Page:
“The partnerships we’ve cultivated with businesses and organizations across the city have been vital to our success as educators,” says TSU President Glenda Glover.

“From the Nashville Convention and Visitors Corp., to the Music City Center, to a long list of hotels and entertainment attractions across Davidson County, these community partners have helped launch careers for area university students. In return, these organizations receive ambitious, energetic young minds who help meet a growing employment need as the Music City’s brand continues to draw millions from across the globe eager to experience our rich and friendly culture.”

Dr. Millicent Lownes-Jackson, Dean of the College of Business at TSU, echoes President Glover’s sentiments that the university is in a unique position to provide students the very best education and workforce preparation in the industry. 

“We are fortunate to be located in a city that is on the move!” says Dr. Lownes-Jackson. 

“In 2018 alone, 15 new hotels and 131 new restaurants opened and Nashville was repeatedly named as one of the best travel destinations of the year. This represents a tremendous opportunity for our students to grow and lead within an industry that is thriving in Nashville.”

The College of Business dean adds that TSU’s Hospitality and Tourism program combines “rigorous academic training with real-world experience in the industry.”

Zuhair Al-Bunni is a junior majoring in business administration with an emphasis in hospitality. Through TSU’s Hospitality and Tourism program, he currently has an internship at a local hotel, and plans to one day be a general manager at one.

“The program at TSU is helping to give me real-world experience,” says Al-Bunni. “The market is expected to keep on booming. So when I graduate, I will have all I need to be successful in this industry.”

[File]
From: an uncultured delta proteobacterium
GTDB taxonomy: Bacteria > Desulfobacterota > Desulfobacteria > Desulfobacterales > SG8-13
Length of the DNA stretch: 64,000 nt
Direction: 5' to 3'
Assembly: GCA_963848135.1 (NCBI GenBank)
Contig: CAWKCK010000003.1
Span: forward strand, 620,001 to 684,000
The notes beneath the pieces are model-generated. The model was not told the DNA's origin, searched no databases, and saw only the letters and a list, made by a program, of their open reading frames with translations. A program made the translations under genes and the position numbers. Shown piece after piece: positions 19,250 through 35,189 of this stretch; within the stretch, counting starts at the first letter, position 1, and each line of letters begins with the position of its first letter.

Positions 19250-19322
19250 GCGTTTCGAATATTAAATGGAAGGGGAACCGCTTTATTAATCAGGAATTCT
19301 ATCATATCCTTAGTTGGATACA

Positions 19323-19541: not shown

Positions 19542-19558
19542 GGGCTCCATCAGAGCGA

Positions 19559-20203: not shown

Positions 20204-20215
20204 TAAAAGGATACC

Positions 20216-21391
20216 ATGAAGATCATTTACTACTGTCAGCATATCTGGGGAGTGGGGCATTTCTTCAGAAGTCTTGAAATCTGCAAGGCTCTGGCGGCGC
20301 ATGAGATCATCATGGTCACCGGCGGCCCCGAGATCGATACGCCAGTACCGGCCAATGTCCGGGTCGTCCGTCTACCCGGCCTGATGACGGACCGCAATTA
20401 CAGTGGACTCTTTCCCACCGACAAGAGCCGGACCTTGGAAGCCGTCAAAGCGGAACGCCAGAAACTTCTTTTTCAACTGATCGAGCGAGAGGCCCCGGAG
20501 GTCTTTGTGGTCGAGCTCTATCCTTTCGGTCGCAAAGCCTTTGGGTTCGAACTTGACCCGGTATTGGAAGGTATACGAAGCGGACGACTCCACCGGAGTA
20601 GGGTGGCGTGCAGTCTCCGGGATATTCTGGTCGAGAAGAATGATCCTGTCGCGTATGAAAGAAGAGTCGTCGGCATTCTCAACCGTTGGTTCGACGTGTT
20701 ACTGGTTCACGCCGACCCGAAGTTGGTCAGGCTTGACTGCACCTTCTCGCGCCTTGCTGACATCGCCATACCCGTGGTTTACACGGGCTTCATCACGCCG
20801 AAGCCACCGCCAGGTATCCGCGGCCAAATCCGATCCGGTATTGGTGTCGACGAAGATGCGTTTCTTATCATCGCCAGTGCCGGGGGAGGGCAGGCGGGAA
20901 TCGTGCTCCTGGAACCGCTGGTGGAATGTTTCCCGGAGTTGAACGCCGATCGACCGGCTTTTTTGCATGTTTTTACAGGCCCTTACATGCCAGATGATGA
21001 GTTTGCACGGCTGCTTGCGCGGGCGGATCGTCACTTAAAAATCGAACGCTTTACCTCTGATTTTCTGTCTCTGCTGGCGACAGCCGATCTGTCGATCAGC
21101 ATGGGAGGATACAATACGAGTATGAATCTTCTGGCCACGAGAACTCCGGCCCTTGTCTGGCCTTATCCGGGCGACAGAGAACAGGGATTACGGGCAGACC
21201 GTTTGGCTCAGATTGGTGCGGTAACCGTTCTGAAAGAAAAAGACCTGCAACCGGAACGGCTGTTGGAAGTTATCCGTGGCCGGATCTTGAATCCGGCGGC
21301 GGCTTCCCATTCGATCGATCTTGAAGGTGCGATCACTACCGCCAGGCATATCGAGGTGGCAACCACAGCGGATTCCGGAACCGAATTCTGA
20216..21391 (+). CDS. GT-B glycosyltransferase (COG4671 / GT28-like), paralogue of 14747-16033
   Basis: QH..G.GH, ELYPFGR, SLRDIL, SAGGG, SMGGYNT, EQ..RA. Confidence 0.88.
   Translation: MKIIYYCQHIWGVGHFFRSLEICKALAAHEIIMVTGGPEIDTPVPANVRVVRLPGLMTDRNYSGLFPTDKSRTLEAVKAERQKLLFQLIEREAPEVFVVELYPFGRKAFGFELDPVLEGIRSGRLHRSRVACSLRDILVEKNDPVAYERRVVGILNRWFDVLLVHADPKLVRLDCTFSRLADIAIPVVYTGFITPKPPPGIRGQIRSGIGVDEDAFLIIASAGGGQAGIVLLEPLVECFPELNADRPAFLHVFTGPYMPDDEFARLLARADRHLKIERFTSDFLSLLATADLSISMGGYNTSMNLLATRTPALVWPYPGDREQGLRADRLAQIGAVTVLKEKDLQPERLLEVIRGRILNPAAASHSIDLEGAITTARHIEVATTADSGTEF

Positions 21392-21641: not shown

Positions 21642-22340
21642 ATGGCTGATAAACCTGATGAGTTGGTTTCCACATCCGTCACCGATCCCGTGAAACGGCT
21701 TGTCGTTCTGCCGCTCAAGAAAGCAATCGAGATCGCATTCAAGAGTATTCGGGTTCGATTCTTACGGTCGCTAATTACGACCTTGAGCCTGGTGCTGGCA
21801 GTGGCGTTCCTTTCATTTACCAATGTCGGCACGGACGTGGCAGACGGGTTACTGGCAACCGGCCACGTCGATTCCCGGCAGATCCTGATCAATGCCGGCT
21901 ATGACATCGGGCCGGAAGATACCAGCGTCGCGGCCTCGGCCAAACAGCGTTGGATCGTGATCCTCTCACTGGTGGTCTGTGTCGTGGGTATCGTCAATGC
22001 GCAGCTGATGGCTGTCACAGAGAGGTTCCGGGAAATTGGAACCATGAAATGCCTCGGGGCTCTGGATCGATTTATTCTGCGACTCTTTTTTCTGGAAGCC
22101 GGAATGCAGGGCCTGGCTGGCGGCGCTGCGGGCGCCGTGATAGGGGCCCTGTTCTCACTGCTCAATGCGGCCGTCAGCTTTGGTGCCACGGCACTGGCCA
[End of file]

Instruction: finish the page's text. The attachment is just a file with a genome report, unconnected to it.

The university’s Hospitality Management program in particular gives students the opportunity to build their entrepreneurial, managerial, functional, operational, and analytical skill set to maximize their success.

Because of Nashville’s lucrative tourism industry, they are able to benefit from a dynamic local, national, and global competitive environment

“The College of Business has partnered with the leaders of Nashville hotels, restaurant groups, and others within the tourism industry to provide our students with a forward-thinking experience that will prepare them to lead within the industry,” says Dr. Chunxing Fan, chair of the Department of Business Administration.

There were 71,140 hospitality industry jobs in Nashville in 2018, and 15.8 million visitors traveled to the Greater Nashville area in fiscal year 2019, a 7 percent increase over FY18’s 14.8 million, according to NCVC.

“It is no secret that Nashville’s economic boom is intimately tied to its growing hospitality and tourism community,” says Marie Sueing, NCVC’s vice president of multi-cultural community relations. 

“A professional workforce is critical to the continued success of this industry, and great programs such as the one offered at Tennessee State University will help to prepare individuals for the many career opportunities available in the hospitality and tourism field. Of equal importance, is having a rich and diverse workforce to ensure that visitors from all over the world feel welcome in all of our communities. TSU will play a significant role in helping to fill the need for these leadership positions throughout Music City.”

To learn more about TSU’s College of Business Hospitality Management curriculum and its other programs, visit www.tnstate.edu/business/index.aspx.

Department of Media Relations

Tennessee State University
3500 John Merritt Boulevard
Nashville, Tennessee 37209
615.963.5331

About Tennessee State University

Founded in 1912, Tennessee State University is Nashville’s only public university, and is a  premier, historically black university and land-grant institution offering 38 bachelor’s degree programs, 24 master’s degree programs, and seven doctoral degrees.  TSU is a comprehensive research intensive institution with a R-2 Carnegie designation, and has a graduate school on its downtown Avon Williams Campus, along with the Otis Floyd Nursery Research Center in McMinnville, Tennessee.  With a commitment to excellence, Tennessee State University provides students  with a quality education in a nurturing and innovative environment that prepares them as alumni to be global leaders in every facet of society. Visit the University online at tnstate.edu.